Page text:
Channel adaption to the new DIGITISED economy is challenging for many businesses. Business leaders are learning of the potential of this medium through engaging with it in a private capacity and contemplating ways to extract value from it in their corporate capacity. What we see out there today, is not the end of the story. There is a lot more development, experimentation and adaptation ahead of us. Both exciting and challenging. Probably the biggest evolving issue here is the emerging ability of manufacturers and service providers to deal directly with consumers and adapt product and service to suit the consumer.
Gen X, Y and Millennials don't fully appreciate the DEMOGRAPHIC shifts that are occurring. New Baby Boomer networks are being established to circumvent the Gen X, Y and Millennial corporate leadership to provide ongoing, sustainable economic value.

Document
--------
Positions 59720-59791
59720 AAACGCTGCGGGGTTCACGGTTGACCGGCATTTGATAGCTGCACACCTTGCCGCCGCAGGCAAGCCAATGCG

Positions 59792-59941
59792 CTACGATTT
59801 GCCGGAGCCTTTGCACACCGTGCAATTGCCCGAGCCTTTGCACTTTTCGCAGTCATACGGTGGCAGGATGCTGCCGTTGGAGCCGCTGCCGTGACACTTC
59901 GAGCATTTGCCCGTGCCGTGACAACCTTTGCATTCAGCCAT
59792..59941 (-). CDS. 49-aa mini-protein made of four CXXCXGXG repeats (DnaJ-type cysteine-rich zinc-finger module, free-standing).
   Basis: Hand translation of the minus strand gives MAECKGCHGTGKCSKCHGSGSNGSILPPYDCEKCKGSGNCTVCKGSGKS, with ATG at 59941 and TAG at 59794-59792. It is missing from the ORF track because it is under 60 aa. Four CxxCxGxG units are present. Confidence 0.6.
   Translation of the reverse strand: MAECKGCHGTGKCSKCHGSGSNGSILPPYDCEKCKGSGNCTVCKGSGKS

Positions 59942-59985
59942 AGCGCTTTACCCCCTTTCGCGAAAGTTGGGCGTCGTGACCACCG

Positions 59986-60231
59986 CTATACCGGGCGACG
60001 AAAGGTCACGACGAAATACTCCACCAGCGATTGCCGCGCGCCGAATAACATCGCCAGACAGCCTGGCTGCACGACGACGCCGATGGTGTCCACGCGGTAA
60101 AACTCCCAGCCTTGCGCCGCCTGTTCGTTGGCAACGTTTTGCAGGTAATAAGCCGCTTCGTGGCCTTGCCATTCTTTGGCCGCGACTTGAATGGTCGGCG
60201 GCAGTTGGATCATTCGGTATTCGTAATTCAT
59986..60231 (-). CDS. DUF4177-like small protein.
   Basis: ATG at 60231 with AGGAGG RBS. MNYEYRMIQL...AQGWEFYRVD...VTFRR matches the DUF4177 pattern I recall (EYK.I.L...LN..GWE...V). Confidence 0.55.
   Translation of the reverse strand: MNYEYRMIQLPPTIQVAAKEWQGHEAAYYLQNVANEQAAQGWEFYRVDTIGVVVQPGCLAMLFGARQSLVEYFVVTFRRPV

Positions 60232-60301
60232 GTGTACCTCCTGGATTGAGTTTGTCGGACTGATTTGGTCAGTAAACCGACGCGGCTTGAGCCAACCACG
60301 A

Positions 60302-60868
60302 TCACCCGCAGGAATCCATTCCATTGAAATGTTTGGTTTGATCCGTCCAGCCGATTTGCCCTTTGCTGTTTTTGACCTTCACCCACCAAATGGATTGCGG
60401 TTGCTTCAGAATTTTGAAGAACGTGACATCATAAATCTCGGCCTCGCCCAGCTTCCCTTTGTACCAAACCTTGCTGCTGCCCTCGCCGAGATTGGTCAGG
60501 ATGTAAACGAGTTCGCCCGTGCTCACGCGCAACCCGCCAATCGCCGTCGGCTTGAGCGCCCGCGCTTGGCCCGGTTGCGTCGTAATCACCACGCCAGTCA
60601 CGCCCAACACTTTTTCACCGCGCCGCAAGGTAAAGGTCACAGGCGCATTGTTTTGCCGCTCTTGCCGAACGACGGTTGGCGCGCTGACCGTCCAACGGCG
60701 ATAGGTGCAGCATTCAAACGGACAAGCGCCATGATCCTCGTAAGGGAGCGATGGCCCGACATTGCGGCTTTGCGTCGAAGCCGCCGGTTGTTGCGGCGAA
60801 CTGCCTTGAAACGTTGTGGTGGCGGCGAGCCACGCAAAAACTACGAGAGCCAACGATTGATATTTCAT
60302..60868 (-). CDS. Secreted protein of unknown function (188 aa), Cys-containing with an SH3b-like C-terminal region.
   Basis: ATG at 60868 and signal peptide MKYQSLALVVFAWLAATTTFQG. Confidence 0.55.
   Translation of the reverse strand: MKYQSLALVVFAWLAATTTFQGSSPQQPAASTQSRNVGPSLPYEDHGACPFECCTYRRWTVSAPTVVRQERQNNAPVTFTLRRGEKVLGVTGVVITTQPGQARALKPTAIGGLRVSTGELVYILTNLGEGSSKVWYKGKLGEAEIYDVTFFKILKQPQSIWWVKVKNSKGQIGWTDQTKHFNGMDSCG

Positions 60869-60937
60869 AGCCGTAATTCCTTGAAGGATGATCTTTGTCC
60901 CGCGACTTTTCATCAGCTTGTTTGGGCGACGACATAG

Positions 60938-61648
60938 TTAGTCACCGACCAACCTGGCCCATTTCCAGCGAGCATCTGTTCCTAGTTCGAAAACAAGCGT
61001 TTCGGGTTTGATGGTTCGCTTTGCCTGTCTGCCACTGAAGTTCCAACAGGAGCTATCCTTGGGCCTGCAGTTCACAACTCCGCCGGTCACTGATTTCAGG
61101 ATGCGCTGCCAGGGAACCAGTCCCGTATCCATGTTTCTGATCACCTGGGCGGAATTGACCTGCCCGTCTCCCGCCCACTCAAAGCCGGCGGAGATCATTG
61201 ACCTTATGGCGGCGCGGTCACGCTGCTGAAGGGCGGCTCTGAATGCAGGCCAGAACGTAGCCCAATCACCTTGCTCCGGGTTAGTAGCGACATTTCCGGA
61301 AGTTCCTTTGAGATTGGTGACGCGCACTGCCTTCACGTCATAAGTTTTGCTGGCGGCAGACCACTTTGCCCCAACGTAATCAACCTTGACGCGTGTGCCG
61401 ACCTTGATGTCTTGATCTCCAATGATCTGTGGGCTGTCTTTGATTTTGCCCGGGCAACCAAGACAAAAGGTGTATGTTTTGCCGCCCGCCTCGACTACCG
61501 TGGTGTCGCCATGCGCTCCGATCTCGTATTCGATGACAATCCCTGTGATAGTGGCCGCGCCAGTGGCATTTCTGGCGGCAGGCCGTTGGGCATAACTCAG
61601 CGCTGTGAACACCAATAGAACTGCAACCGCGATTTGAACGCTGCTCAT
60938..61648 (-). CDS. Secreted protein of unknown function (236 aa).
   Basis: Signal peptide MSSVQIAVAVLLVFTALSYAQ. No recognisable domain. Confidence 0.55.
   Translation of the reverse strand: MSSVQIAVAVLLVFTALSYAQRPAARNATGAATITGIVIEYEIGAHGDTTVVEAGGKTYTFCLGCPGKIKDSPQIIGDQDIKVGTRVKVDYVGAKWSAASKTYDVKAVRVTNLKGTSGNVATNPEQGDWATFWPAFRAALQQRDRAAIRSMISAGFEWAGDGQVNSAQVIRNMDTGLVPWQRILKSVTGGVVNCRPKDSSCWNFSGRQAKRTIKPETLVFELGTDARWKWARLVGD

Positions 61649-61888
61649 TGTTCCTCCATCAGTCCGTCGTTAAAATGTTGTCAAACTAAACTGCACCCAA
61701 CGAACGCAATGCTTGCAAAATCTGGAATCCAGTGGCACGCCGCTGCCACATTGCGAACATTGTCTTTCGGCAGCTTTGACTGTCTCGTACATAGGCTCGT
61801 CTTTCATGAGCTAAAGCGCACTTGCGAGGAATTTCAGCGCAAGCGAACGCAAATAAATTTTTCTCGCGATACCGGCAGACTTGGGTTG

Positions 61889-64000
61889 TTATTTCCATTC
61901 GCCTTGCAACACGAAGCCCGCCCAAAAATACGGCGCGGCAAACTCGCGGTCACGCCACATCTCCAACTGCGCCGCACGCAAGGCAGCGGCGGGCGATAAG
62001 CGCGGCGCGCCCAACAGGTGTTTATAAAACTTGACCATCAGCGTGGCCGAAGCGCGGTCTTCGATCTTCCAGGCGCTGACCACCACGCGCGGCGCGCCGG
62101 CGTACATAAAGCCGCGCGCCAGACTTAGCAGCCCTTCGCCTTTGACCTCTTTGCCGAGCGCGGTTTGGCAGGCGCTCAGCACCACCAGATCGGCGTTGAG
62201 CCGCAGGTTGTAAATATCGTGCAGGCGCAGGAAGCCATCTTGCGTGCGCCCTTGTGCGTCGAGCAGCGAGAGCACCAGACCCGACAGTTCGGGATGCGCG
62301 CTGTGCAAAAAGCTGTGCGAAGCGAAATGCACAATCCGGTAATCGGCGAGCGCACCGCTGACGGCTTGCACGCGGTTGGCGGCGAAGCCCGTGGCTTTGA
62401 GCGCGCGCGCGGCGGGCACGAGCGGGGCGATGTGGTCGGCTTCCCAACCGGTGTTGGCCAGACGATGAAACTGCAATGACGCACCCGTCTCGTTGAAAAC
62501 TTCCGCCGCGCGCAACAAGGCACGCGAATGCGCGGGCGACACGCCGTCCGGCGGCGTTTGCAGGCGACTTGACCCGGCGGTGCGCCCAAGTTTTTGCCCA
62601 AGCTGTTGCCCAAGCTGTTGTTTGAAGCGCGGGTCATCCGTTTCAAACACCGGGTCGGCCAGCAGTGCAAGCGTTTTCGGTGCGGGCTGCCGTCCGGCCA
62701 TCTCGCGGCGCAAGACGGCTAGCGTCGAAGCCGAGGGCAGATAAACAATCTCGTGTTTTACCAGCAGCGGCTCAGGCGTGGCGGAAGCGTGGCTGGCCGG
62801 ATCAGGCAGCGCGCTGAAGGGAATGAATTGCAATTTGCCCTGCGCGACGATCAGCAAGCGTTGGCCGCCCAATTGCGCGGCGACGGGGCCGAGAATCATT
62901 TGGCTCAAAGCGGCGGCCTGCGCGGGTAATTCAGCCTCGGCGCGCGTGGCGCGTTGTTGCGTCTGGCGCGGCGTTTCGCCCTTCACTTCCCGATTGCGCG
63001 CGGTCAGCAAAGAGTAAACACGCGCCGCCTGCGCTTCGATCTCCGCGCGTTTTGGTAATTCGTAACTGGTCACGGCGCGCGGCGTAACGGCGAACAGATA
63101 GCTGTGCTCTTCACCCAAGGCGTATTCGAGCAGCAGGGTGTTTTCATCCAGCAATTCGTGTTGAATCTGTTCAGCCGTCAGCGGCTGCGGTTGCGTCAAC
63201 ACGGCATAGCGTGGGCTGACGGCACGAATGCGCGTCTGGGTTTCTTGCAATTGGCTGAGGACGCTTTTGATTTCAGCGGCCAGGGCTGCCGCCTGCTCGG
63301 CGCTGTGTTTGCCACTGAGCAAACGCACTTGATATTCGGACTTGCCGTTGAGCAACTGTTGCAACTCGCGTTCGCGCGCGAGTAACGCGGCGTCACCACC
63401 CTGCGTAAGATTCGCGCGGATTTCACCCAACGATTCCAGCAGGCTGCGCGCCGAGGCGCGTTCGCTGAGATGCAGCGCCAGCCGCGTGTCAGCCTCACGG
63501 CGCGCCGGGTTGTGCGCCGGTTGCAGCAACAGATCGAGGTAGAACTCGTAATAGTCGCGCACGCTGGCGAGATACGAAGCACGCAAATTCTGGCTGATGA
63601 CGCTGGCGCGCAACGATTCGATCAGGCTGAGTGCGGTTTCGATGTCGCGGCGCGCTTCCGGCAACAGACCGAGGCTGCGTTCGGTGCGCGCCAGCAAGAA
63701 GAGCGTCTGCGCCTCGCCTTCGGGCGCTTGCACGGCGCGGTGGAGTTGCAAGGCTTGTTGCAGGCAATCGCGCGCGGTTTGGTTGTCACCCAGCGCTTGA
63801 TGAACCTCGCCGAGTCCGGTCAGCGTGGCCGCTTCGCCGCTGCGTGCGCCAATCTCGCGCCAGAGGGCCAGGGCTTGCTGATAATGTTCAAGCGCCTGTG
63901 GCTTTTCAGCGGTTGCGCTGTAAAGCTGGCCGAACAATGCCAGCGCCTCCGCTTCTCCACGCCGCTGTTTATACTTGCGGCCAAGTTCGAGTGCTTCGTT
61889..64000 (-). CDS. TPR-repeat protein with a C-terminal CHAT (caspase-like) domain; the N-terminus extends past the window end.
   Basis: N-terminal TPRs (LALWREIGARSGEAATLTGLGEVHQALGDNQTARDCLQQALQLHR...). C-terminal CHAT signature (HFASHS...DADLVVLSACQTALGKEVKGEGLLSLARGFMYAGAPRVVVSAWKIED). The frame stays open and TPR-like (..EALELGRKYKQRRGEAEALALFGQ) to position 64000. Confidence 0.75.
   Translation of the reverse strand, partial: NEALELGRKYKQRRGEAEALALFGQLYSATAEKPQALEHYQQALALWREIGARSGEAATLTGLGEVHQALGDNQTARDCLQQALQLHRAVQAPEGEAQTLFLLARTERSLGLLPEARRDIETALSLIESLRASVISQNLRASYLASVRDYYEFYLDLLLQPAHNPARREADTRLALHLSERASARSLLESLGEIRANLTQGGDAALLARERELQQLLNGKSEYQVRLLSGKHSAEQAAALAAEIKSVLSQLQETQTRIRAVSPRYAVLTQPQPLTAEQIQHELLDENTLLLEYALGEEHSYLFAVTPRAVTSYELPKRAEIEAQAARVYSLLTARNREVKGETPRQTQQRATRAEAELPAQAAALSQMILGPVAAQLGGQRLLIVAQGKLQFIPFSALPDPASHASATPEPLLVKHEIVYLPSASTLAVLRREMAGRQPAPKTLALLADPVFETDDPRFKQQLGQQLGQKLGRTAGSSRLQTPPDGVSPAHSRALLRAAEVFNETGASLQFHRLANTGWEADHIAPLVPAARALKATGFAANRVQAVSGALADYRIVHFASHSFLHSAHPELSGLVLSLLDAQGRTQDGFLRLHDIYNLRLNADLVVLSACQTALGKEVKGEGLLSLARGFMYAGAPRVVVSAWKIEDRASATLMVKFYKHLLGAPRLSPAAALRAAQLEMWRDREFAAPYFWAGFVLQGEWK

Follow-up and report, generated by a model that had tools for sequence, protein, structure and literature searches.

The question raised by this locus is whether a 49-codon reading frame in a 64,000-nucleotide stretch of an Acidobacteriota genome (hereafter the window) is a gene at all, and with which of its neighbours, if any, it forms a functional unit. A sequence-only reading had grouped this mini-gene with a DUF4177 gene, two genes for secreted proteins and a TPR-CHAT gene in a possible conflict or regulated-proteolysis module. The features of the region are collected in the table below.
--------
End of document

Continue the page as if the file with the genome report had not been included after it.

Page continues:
TECHNOLOGICAL developments are creating amazing new possibilities while threatening established products, services and channels.
STAKEHOLDERS already exist in abundance in most industries. That leaders might not currently engage with these stakeholders effectively does not mean that there will be more stakeholders in the future. Leadership has always been about effectively understanding and managing stakeholders (among other responsibilities).
There is discussion about a power shift toward stakeholders. In that stakeholder 'stickiness' (i.e. the ability to go elsewhere) has diminished (i.e. become less 'sticky' thus more fluid) with the new and emerging environment, then I suspect that this is accurate. However, just as 'easily' as stakeholders can move to other environments, so can the corporation to some extent, by reinventing itself and appealing to different categories of stakeholders. I am seeing a trend in companies that says " we acknowledge that this group is our market and that group is not" is a significant drift to greater clarity in the value proposition they deliver and away from a "serve all" mindset. That's an enlightened trend but comes with the danger and risk of 'over-specialisation' and undue dependence on a small group of stakeholders. Notwithstanding this trend, the more specialised one becomes, the more powerful become its stakeholders.